Illustration of scheming
Illustration: Pierre Le-Tan

Q: I work in finance, and I've had clients make compromising requests. For example, one said, "I'm seeing someone on the side. Can you start putting away some money for me that my wife can't get her hands on in case we get a divorce?" Is it ever ethical to set up a secret account?

A: It would be highly unethical to transfer money from a joint account into a separate secret account in anticipation of a divorce. That's tantamount to stealing. However, it's perfectly legal for a married person to set up a separate bank or investment account. There can be any number of legitimate accounting, tax, or personal reasons for doing so.
— Anita L. Allen, professor of law and philosophy at the University of Pennsylvania Law School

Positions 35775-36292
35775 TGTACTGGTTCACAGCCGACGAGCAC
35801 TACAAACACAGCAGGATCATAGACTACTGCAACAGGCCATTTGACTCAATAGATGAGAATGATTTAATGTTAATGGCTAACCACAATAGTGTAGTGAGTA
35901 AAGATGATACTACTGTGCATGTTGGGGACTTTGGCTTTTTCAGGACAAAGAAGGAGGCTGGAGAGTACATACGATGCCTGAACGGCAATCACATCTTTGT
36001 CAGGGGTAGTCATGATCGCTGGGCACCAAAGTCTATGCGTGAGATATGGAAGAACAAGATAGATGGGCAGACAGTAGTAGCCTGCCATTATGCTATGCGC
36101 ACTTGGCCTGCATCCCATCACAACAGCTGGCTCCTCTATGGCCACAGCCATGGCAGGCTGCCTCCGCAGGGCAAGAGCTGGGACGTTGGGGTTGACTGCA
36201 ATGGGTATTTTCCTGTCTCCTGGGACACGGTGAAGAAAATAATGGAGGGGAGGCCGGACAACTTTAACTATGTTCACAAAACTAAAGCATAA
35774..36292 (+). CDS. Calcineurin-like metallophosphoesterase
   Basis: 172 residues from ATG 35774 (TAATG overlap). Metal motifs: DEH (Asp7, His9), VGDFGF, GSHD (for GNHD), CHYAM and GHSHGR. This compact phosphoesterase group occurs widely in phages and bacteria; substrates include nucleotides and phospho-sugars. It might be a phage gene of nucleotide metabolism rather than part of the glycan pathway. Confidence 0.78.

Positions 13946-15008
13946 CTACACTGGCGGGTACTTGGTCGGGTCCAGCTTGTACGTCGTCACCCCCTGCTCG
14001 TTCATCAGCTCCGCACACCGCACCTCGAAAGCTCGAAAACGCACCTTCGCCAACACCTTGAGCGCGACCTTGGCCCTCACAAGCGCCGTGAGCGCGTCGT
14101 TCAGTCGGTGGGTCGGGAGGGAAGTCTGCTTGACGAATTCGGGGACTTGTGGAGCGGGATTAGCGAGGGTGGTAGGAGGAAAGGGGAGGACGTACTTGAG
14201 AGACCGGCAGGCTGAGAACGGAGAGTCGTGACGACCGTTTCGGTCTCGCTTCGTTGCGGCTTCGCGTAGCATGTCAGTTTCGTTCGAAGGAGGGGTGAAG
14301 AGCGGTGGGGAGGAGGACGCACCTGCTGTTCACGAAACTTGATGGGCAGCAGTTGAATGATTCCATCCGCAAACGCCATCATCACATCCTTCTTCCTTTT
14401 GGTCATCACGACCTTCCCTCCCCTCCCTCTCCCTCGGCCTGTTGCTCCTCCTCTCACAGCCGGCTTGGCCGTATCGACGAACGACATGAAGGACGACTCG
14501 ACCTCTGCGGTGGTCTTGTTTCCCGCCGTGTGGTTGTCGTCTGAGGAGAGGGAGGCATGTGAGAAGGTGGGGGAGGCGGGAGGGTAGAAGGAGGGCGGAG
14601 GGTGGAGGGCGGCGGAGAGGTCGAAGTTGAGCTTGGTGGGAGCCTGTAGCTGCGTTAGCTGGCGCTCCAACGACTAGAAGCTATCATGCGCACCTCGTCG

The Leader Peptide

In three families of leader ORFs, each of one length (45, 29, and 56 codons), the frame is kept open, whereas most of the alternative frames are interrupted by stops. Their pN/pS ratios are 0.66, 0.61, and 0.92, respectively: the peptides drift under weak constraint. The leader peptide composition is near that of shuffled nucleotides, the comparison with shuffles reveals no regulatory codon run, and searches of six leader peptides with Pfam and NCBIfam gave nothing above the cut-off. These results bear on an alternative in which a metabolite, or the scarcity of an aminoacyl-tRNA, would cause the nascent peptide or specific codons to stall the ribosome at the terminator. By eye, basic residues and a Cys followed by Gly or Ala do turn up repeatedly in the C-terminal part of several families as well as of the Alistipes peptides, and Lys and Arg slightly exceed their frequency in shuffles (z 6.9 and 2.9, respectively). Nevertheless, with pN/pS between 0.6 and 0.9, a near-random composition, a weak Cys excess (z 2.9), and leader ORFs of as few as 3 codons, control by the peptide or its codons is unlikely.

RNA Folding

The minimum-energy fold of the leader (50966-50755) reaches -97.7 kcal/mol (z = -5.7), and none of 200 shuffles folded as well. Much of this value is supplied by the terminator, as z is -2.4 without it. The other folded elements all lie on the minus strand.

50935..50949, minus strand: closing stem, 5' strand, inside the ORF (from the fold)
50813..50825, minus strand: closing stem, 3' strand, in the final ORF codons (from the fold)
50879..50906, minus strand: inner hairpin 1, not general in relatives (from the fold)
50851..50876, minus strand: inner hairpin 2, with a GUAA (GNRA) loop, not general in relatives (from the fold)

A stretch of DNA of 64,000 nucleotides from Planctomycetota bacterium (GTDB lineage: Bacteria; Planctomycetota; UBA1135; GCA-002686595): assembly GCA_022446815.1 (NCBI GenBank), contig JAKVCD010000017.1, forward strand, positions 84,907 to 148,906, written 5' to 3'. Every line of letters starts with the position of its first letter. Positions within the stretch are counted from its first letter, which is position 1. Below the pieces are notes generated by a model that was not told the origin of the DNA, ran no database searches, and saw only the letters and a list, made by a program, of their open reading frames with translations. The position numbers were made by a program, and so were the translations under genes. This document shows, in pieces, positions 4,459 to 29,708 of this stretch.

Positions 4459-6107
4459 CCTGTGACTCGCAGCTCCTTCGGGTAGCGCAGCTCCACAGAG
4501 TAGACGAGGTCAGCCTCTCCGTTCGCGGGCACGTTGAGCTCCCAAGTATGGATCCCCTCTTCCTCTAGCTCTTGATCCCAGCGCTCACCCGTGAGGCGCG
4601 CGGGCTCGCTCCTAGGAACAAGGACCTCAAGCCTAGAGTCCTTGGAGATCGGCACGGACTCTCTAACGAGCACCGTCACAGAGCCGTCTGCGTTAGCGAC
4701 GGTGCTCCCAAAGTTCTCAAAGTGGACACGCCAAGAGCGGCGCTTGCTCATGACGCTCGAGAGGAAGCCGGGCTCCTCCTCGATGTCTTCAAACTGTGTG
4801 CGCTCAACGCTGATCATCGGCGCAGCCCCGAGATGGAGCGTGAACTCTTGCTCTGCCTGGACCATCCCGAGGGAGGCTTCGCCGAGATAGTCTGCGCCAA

Is it ethical for the philandering husband? No, of course not. Is it ethical for you, as a professional, to set up a legal account according to your client's wishes, no matter how despicable his motives? Absolutely. But would it be ethically exemplary if you decided you didn't want to aid and abet such a client's conduct, even though he would undoubtedly find someone who would? Definitely.
— Jack Marshall, president, ProEthics

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